Robert Syverton (Michael Sarrazin), who had once dreamed of becoming a great film director, recalls the events leading to an unstated crime. In his youth, he saw a horse break its leg, after which it was shot and put out of its misery. Years later, in 1932 during the Great Depression, he wanders into a dance marathon about to begin in the shabby La Monica Ballroom, perched over the Pacific Ocean on the Santa Monica Pier, near Los Angeles. Robert soon finds himself recruited by Rocky (Gig Young), the contest's promoter and emcee, as a substitute partner for a cynical malcontent named Gloria Beatty (Jane Fonda), after her original partner is disqualified because of an ominous cough.

Among the other contestants competing for a prize of $1,500 in silver dollars are retired sailor Harry Kline (Red Buttons); Alice (Susannah York) and her partner Joel (Robert Fields), both aspiring actors; and impoverished farm worker James (Bruce Dern) and his pregnant wife Ruby (Bonnie Bedelia). Early in the marathon the weaker pairs are eliminated quickly, while Rocky observes the vulnerabilities of the stronger contestants and exploits them for the audience's amusement. Frayed nerves are exacerbated by the theft of one of Alice's dresses and Gloria's displeasure at the attention Alice receives from Robert. In retaliation, she takes Joel as her partner, but when he receives a job offer and departs, she aligns herself with Harry.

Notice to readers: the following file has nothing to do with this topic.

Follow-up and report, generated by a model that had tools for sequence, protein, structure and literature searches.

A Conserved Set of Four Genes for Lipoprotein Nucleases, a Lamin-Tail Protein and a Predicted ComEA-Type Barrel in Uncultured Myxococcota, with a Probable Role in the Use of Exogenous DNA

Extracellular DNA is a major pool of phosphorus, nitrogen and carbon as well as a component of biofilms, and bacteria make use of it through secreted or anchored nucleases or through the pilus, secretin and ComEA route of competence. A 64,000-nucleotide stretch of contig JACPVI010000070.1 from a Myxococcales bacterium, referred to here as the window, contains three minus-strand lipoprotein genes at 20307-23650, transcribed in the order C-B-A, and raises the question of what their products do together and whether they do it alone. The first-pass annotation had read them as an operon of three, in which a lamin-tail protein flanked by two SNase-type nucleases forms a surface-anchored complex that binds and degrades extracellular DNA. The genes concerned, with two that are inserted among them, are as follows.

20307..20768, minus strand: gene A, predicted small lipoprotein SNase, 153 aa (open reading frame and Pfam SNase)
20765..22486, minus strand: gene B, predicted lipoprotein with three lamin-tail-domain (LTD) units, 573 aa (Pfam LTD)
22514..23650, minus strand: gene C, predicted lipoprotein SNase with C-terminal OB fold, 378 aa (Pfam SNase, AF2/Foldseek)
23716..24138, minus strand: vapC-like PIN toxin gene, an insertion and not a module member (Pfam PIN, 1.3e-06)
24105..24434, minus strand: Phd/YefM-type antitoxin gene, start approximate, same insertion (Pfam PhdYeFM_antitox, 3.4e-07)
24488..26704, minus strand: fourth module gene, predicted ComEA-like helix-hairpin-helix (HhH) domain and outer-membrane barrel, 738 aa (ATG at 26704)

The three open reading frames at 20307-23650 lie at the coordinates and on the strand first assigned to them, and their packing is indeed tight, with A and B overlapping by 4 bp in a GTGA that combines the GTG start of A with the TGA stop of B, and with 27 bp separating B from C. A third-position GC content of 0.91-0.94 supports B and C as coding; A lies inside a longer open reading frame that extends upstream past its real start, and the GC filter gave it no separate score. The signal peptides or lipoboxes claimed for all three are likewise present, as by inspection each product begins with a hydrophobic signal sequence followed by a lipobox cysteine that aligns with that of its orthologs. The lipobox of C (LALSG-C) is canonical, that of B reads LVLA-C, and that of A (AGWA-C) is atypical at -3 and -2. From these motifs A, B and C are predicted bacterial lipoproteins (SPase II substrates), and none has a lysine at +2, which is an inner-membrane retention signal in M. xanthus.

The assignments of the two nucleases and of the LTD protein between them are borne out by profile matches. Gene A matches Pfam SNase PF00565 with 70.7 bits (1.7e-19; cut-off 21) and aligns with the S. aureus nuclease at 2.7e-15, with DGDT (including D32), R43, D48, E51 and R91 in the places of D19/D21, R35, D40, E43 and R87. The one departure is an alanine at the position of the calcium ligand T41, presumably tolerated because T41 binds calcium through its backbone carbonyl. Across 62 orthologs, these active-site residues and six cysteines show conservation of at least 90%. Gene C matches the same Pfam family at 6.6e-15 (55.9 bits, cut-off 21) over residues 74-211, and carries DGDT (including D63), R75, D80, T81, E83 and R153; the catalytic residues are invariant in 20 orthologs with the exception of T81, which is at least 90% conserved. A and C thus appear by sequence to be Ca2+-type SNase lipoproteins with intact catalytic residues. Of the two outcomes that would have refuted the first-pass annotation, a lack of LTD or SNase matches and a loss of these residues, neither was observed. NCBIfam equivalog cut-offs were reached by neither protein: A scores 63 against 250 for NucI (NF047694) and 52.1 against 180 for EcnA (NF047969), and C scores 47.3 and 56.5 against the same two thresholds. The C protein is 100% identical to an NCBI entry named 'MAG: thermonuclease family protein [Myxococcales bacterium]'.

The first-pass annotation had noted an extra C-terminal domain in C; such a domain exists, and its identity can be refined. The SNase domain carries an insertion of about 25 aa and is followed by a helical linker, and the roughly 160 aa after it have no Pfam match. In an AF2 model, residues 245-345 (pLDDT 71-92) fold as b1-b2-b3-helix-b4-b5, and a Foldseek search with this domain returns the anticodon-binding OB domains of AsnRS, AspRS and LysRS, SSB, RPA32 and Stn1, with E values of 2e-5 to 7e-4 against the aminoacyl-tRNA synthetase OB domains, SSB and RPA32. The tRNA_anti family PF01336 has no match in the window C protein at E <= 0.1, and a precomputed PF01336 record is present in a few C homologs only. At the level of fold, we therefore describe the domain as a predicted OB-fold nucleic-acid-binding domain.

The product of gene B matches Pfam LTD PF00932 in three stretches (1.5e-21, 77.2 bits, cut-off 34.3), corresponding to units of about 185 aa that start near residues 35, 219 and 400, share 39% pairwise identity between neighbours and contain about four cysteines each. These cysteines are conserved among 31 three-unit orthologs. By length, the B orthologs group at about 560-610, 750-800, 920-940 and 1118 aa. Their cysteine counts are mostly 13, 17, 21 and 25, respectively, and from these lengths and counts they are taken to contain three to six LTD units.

Weeks into the marathon, in order to spark the paying spectators' enthusiasm, Rocky stages a series of derbies in which the exhausted contestants, clad in track suits, must race around the dance floor, with the last three couples eliminated. Harry has a fatal heart attack during one of the races, but the undeterred Gloria lifts him on her back and crosses the finish line. Harry dies as Gloria drags him. Alice, who witnesses his death, has a mental breakdown and is taken away. Lacking partners, Robert and Gloria again pair up.